Researchers from Japan have reportedly created an electronic skin display that can show the wearer’s vital health stats.

Researchers from the University of Tokyo in Japan have developed an electronic skin display that can be used to monitor patients’ health. The artificial patch of skin is said to be ultrathin and made from a flexible, breathable material capable of measuring and displaying a person’s heart rate in real time.

The artificial skin patch features a micro-LED array made from nanomesh electrodes and stretchable wiring. It can bend with the skin and display simple, animated, imagery like an electrocardiogram waveform.

Read More: Fully Recyclable, Self-Healing Electronic Skin Developed

According to the researchers, the idea behind their innovation is not only for the e-skin to show the wearer’s health stats. In case of a medical emergency, the e-skin should be able to let others know what the problem is specifically.

Furthermore, the e-skin display sticks securely to the skin and can last for a week without causing any inflammation. This feature supposedly makes the new artificial skin patch far better than existing stretchable displays that typically fall apart after being exposed to minor wear and tear.

Researchers from the University of #Tokyo have developed an electronic skin display that can be used to monitor vital health stats. @UTokyo_News_en #WearableClick To Tweet

The Electronic Skin Display

According to reports, the new electronic skin display has enhanced information accessibility for the elderly and infirm. It provides a level of clarity to patients who often have difficulty using and gathering data from similar devices and interfaces today.

It also offers an alternative solution to ease the strain on home healthcare systems in aging societies by providing a non-invasive health monitoring option.

“The current aging society requires user-friendly wearable sensors for monitoring patient vitals in order to reduce the burden on patients and family members providing nursing care,” Professor Takao Someya from the University of Tokyo, said. “Our system could serve as one of the long-awaited solutions to fulfill this need, which will ultimately lead to improving the quality of life for many.”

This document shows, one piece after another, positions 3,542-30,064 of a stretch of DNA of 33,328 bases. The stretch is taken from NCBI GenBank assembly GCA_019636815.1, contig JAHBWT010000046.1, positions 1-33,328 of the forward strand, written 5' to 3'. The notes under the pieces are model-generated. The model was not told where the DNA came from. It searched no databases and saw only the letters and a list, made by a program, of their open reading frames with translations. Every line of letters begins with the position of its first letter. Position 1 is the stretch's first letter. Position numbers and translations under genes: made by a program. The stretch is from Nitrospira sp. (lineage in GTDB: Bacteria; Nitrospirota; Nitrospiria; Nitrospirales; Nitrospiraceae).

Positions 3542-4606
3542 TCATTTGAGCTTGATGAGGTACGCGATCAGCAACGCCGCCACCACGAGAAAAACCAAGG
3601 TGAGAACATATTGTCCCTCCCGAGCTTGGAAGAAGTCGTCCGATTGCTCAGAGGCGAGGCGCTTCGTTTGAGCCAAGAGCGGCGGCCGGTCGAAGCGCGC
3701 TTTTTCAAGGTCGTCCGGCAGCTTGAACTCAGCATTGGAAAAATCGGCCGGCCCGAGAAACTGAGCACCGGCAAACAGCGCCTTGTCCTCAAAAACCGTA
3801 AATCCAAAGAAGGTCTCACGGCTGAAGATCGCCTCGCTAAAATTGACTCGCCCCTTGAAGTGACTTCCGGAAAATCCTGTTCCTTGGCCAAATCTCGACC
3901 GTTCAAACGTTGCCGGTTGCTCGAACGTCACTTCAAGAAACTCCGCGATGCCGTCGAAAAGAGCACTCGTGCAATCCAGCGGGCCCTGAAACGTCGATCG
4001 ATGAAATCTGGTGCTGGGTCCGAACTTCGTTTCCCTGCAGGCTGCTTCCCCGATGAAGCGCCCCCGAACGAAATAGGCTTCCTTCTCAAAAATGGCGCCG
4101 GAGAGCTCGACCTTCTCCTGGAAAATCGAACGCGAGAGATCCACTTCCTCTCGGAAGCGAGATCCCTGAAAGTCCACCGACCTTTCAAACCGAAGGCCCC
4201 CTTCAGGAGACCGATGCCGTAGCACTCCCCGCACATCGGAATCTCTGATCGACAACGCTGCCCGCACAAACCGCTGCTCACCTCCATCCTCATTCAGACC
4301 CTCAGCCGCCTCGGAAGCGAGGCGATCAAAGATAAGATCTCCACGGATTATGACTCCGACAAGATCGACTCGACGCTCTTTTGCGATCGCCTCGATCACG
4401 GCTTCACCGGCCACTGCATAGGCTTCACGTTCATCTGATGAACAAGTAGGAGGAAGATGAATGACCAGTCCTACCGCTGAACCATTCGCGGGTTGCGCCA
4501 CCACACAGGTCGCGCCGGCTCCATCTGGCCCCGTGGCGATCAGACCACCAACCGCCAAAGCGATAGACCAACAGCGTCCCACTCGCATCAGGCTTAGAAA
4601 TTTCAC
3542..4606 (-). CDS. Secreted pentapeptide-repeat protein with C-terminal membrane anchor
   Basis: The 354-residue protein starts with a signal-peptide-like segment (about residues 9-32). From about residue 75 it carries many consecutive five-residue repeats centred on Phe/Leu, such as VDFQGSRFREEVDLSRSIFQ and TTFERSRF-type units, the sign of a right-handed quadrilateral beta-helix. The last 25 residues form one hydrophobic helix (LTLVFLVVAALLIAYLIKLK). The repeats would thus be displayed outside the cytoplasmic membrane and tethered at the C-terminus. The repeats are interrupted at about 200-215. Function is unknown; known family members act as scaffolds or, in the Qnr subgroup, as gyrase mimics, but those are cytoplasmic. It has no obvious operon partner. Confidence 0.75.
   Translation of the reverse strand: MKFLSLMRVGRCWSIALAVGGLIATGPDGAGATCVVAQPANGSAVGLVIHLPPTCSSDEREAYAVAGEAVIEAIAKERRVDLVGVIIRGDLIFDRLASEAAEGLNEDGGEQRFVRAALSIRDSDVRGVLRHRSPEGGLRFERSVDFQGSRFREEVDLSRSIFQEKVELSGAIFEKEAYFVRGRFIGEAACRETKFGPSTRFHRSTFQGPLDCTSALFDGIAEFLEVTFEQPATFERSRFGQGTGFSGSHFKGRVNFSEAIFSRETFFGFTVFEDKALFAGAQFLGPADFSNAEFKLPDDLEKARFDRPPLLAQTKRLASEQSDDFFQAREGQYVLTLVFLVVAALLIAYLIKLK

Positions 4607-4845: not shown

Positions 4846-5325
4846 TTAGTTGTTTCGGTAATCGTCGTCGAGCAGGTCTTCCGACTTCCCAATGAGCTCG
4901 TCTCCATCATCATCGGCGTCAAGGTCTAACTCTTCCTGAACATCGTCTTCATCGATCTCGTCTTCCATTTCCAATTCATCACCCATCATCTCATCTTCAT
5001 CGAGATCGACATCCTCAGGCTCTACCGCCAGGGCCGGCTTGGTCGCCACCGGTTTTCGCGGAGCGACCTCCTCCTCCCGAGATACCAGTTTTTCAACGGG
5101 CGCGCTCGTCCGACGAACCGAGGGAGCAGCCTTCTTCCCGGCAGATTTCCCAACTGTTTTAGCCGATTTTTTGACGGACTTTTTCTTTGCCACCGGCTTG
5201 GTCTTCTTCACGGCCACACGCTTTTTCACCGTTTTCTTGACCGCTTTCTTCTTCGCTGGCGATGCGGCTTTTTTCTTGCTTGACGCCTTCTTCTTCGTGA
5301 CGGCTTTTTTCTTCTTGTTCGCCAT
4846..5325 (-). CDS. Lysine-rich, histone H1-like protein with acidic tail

The medical data, such as an electrocardiogram, measured by the sensors in the electronic skin display can be sent wirelessly to a smartphone for quick viewing or be stored in the cloud. The electronic device was developed by the University of Tokyo in collaboration with Dai Nippon Printing, one of Japan’s top printing companies.

The e-skin is composed of a 16 by 24 array of micro LEDs and stretchable wiring attached to a rubber sheet. The display could be stretched to as much as 45% of its original length.

“Our skin display exhibits simple graphics with motion,” Someya went on to say. “Because it is made from thin and soft materials, it can be deformed freely.”

The new patch is said to be the first stretchable display to achieve superior durability and stability in air.

“Not a single pixel failed in the matrix-type display while attached snugly onto the skin and continuously subjected to the stretching and contracting motion of the body,” TechXplore reported.

Dai Nippon Printing is already planning to offer the electronic skin display to the public in the next three years. The researchers are now working on making it more reliable and scalable by improving and expanding its surface area coverage.

In what areas of health care do you think this new electronic skin display could be used?

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